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Doctors to take industrial action following strike ballot

UK doctors will not provide non-urgent care on 21 June in industrial action over the government’s planned pension changes, the British Medical Association has said.

It will be medics’ first industrial action since 1975.

BMA Council chair Hamish Meldrum today said urgent and emergency care would not be affected. He said doctors did not want to put patients at risk. Dr Meldrum said GP practices would be open but not holding routine appointments.

A ballot of 104,544 medics by the British Medical Association resulted in a turnout of more than 50 per cent with doctors voting overwhelmingly in favour of taking industrial action.

The BMA council will meet today to discuss the outcome of the ballot and decide on the next steps. But any industrial action in response to the ballot must take place within the next four weeks.

The ballot consisted of six separate votes for GPs, consultants, junior doctors, speciality medics, occupational medicine doctors, and public health and community doctors.

In total 52,133 doctors voted on the question of taking industrial action - a turnout of 49.8 per cent. A similar figure of 52,068 voted on the question of strike action.

The largest support for action came from junior doctors who voted by 92 per cent in favour of industrial action with a total of 12,041 votes cast. A total of 81.9 per cent of junior doctors voted in favour of strike action with 12,040 votes cast.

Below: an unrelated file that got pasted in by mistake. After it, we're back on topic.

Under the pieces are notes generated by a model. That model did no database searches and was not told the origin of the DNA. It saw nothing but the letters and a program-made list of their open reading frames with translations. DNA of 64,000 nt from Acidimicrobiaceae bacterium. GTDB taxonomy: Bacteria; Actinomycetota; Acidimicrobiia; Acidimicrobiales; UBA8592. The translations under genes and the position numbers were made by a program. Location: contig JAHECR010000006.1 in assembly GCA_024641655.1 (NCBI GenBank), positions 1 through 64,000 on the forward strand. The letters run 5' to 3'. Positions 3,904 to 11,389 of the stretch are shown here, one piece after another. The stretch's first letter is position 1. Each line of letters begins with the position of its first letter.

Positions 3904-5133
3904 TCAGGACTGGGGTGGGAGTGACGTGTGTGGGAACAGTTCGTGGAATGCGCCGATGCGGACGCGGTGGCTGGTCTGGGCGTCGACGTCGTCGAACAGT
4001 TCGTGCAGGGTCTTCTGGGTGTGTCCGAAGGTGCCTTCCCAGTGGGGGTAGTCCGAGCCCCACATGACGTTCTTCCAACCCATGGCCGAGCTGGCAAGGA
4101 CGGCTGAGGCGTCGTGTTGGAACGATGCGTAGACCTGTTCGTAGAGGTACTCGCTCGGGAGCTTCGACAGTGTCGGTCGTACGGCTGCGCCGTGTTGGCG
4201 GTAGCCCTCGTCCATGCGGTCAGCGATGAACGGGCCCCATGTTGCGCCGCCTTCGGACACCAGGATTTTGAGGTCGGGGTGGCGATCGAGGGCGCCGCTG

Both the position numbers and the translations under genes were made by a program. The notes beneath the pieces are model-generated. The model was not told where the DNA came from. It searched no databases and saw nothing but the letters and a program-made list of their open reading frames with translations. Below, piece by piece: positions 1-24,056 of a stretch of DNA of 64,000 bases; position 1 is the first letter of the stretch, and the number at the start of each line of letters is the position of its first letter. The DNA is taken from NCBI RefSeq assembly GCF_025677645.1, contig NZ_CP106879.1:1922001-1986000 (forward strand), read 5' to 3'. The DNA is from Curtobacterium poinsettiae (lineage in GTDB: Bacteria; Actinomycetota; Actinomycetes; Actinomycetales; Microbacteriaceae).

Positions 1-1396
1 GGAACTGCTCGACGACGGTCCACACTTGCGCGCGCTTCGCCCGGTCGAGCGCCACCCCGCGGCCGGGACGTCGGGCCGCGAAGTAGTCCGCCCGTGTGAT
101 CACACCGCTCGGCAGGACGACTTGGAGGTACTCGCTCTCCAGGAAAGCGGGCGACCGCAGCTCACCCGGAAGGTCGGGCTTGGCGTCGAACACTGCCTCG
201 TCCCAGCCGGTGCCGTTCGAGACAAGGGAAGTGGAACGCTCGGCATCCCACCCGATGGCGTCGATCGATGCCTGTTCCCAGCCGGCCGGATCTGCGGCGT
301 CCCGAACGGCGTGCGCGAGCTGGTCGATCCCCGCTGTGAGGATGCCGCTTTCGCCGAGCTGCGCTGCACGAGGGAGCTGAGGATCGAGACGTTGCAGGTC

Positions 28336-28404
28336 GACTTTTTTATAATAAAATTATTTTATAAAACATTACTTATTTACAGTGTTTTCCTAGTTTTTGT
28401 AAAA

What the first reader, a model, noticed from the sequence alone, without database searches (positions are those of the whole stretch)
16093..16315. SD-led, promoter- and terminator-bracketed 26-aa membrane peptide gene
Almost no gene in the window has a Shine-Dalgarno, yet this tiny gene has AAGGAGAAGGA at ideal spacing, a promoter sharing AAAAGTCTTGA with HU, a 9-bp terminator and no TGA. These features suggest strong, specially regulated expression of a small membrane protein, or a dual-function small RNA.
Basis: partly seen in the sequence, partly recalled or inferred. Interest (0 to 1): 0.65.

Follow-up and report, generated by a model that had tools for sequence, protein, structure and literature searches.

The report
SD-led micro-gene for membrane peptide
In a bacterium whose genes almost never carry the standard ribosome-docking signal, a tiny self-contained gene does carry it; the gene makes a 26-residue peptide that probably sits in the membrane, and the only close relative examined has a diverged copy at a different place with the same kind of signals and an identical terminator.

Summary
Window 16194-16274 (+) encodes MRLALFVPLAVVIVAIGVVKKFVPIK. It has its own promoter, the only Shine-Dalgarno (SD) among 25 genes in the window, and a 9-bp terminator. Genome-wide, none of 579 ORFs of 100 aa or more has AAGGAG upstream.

Consultants voted 84.2 per cent in favour of industrial action, and 73 per cent for strike action, with more than 18,600 votes cast.

GPs also supported industrial action with 78.9 per cent in favour and 63.3 per cent in favour of strike action, on more than 17,400 votes cast.

Speciality doctors voted 87 per cent in favour of action and 76 per cent in favour of a strike on more than 3,450 votes cast.

Occupational medicine doctors voted 39 per cent in favour of action and 34 per cent in favour of strike, on 41 votes cast.

Public health and community doctors voted 75 per cent in favour of action and 60 per cent in favour of strike on more than 390 votes cast.

NHS Employers director Dean Royles called on the BMA Council to consider patients as it met to debate the ballot result today.

He said: “As the BMA Council now meet I really want them to put patients at the centre of their decision making. They know that any industrial action will impact on care and cause distress and disruption to patients and undermine trust and confidence in the medical profession.

“We know that doctors are anxious about changes to their pensions. But no one wants to see patients dragged into the argument.  

“Industrial action could potentially mean delays to treatment. It would be particularly distressing for patients and extremely worrying for staff who are dedicated to putting patients first.

“It’s a tough decision for the BMA Council but they should do the right thing for patients.

“If they do decide to call doctors out on strike then the more notice employers get of this the more robust our contingency plans will be.”

Readers' comments (9)

  • The medical profession won't have much sympathy from the public. Not a wise move in this economic climate.

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  • ANON 1:36